DOJO Female Presence (Get used to it - it’s good for us!)

The days of Testosterone driven Karate dojos of late, it would appear, have given way to the study of our art by the more genteel gender, and I for one, have noticed the wonderful subtle benefits of the presence of women practitioners in our Karate dojo!  Women have always been a part of karate dojos, more so in the last few score years AND, they do belong, it’s just that lately females are taking more of a leadership role.  Has anyone else noticed what the female karateka brings to their own dojo deck?  Drawing from my years of experience in the dojo from beginner through to now teaching, travelling and co-managing a dojo in Oshawa, Canada, I have become quite aware of how our female contingent fits right in and makes us all better for having had them around to train with everyone.  Women typically come into a karate dojo for their own personal reasons, whether to build self confidence, become a little more assertive, maybe interested in the ‘art’, maybe a significant other or their child trains (really, no different than when a male joins!)  It’s never easy taking that initial plunge and joining a class and when you do, you’re usually hooked.

As I’ve stated before, females typically learn faster than males and generally come in with a ‘cup empty’ attitude saying “here, fill my cup with knowledge” whereas, males more often than not, come in with the attitude, “here, top up my cup as I already know how to handle myself.”  It’s with this initial attitude going forward that women soak up all that is taught and with the added benefit of probably being more relaxed and  flexible, they progress readily.  Uniquely, what really makes me even more proud is the support, mentorship and direction that the more advanced women offer to each and every female at most dojos.  Always with positivity.  It can’t be easy for a young lady to approach big, advanced rank males (although it should be!) and ask for assistance.  Having such a diverse female presence makes us all better.  The added benefit for all concerned, is that the male karateka now must make a greater effort to hone and augment their martial skills with sensitivity skills and become even better rounded for the benefit of all.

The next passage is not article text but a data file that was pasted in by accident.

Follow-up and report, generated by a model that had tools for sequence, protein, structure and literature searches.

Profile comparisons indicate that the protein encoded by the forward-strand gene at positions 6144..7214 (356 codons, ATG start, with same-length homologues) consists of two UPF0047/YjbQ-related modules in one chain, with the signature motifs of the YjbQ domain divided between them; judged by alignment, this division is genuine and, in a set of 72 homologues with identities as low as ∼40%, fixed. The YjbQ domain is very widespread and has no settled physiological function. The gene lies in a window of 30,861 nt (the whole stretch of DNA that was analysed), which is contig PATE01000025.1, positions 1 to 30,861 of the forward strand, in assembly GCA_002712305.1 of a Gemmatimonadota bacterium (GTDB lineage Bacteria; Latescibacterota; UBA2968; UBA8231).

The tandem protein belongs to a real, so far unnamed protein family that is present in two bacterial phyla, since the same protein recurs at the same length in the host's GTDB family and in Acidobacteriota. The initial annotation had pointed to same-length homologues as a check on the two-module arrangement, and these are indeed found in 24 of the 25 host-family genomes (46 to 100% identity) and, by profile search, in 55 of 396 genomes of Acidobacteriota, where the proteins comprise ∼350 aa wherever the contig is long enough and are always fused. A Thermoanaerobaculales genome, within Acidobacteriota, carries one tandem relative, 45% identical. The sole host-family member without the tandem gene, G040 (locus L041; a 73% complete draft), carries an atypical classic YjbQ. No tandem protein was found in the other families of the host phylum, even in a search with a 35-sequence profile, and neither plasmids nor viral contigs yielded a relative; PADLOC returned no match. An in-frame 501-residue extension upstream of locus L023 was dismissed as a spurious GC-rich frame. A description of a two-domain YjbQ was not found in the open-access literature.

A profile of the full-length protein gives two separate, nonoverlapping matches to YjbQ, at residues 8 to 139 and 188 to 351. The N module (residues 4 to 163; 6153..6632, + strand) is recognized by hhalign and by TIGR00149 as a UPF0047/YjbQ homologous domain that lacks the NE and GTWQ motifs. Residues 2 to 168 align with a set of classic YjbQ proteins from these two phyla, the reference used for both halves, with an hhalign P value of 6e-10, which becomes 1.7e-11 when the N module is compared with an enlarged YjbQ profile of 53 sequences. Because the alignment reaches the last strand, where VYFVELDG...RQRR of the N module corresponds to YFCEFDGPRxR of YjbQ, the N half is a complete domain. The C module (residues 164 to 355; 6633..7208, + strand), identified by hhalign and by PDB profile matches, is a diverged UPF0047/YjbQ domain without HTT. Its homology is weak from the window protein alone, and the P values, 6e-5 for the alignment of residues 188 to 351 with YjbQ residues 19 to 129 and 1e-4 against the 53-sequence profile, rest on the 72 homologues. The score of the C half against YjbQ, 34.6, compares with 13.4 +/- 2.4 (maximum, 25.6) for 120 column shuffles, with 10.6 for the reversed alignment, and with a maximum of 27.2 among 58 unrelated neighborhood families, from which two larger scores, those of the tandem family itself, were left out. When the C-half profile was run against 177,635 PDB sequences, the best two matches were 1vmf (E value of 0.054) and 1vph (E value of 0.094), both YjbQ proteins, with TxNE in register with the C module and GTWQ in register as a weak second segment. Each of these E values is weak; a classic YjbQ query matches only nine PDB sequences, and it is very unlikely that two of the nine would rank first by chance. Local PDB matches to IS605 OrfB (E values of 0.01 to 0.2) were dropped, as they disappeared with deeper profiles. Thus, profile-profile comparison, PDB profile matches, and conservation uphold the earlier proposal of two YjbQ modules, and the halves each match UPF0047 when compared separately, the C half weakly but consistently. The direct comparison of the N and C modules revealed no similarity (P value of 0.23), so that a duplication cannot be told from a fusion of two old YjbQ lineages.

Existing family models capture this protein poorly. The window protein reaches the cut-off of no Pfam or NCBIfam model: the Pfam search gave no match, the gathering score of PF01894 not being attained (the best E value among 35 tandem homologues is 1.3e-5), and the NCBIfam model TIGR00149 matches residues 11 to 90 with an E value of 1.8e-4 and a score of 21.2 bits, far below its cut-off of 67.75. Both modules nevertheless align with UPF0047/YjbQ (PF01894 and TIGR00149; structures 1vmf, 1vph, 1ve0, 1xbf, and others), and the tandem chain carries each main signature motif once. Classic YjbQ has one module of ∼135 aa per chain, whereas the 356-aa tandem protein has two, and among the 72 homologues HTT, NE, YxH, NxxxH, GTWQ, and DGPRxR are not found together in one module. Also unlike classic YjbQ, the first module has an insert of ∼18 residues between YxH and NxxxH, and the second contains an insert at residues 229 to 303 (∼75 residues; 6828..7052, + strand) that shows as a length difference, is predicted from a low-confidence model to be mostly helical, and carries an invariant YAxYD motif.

Gary Christensen